1. The petitioner was charged before the Bench of Magistrates, Ootacamund, under Sections 249 and 313 of the District Municipalities Act for storing firewood. During the pendency of the case before the Bench, the accused put in a transfer application in the Court of the Joint Magistrate of Coonoor, who ordered the transfer of the case to the Court of the Stationary Sub-Magistrate, Coonoor. Before however that order had been communicated to the Bench Magistrate's Court, the case came up for before the Bench and on the accused's plea he was convicted and sentenced to pay a fine of Rs. 5. This petition has been filed on the ground that the Bench Court ceased to have jurisdiction after the order of the Joint Magistrate and that therefore the order of that Court is illegal.
2. With regard to stay applications in civil matters it has been held by the Full Bench in Venkatachelapati Rao v. Kameswaramma : (1917)33MLJ515 that the stay order operates only from the date of which the order is communicated to the Court whose proceedings are stayed. The reason seems to be that the Court having seisin of the matter in question has jurisdiction to proceed with it and that the appellate Court in ordering stay is merely prohibiting that Court from proceeding further with the matter until further orders. But the order of prohibition does not take away the jurisdiction of the trial Court; it merely suspends it. If therefore the order has not been received the Court does not lose its jurisdiction because the order has been passed. It therefore follows that any act done after the order of stay is passed is still valid unless the order of the higher Court has been disobeyed. This reasoning would not however apply to an application for transfer. The ordinary rule is that an order operates from the date on which it is passed, the rule with regard to stay proceedings and injunctions being exception to that general rule. Although no authority has been quoted which deals with the date on which a criminal order of transfer operates. Ademma v. Venkatasubbayya : AIR1933Mad627 deals with that question with regard to civil suits. It was there held that the order for transfer must operate from the date on which that order is passed and that therefore any Court which continues to do any act after the order is passed - even though a copy of the order has not been received by it - is acting without jurisdiction. The same reasoning would, I think, apply to criminal proceedings; and I am therefore of opinion that in the present case the Bench Court, when it took up the case of the accused and disposed of it had no jurisdiction to do so.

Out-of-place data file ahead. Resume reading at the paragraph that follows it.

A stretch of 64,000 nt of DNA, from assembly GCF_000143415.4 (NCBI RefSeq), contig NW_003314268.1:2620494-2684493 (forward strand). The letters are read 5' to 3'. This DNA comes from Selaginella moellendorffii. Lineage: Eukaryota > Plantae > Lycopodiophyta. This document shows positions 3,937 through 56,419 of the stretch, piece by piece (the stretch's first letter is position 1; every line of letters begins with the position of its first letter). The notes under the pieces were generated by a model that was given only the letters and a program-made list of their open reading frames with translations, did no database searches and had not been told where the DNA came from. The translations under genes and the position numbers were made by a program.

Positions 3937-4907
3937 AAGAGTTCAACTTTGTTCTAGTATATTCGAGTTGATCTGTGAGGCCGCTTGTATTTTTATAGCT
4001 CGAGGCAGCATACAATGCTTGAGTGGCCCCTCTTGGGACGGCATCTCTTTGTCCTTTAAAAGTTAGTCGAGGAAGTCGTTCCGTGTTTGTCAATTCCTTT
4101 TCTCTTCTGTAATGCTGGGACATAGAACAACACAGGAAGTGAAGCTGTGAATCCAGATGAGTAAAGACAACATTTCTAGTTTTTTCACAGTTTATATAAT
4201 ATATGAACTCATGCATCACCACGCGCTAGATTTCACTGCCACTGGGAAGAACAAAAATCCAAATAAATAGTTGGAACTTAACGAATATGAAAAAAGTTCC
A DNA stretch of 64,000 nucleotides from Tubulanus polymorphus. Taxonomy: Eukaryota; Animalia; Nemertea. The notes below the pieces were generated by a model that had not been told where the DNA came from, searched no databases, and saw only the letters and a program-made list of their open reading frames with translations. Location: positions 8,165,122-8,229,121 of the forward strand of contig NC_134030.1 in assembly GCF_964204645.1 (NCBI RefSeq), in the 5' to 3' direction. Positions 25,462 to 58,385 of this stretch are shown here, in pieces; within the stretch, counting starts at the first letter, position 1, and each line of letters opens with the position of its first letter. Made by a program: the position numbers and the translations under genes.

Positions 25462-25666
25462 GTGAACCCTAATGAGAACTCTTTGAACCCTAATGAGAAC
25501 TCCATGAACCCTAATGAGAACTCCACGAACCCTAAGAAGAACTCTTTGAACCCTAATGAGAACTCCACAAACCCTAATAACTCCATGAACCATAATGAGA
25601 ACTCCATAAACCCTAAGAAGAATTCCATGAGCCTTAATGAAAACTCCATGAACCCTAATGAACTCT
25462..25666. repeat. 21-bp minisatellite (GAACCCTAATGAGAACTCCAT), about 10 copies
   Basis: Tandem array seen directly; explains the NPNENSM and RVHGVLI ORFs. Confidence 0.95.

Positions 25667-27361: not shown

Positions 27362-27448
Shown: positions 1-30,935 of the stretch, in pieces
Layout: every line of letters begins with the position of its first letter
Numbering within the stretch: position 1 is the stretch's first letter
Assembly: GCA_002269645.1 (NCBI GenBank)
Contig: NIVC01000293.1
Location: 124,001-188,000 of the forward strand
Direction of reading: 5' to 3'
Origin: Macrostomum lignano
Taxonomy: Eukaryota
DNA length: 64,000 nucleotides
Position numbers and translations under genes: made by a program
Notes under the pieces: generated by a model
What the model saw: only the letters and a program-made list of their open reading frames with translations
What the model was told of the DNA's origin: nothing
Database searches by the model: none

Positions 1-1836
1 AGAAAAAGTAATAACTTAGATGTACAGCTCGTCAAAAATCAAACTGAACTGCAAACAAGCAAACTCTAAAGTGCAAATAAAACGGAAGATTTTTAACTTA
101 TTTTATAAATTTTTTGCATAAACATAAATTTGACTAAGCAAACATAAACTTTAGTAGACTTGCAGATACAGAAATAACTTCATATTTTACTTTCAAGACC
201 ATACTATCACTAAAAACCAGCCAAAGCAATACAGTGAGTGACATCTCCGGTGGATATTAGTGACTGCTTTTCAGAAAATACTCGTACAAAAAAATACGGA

3. Nevertheless, it does not follow from the mere fact that the Bench Court had no jurisdiction, that its order is void. I think that Section 531, Criminal Procedure Code, would apply to a case of this kind and so prevent the passing of this order without jurisdiction from being void. The whole principle underlying the various provisions of Chapter 45 is that no order or sentence shall be void on the mere ground of some irregularity or want of jurisdiction, unless it leads to a miscarriage of justice or prejudices the accused. It seems to me in the present case that it is immaterial whether the case of the accused was considered by the Bench Court or by the Stationary Sub-Magistrate. No miscarriage of justice having occurred this Court will not interfere in revision and set aside the order.
4. The petition is therefore dismissed.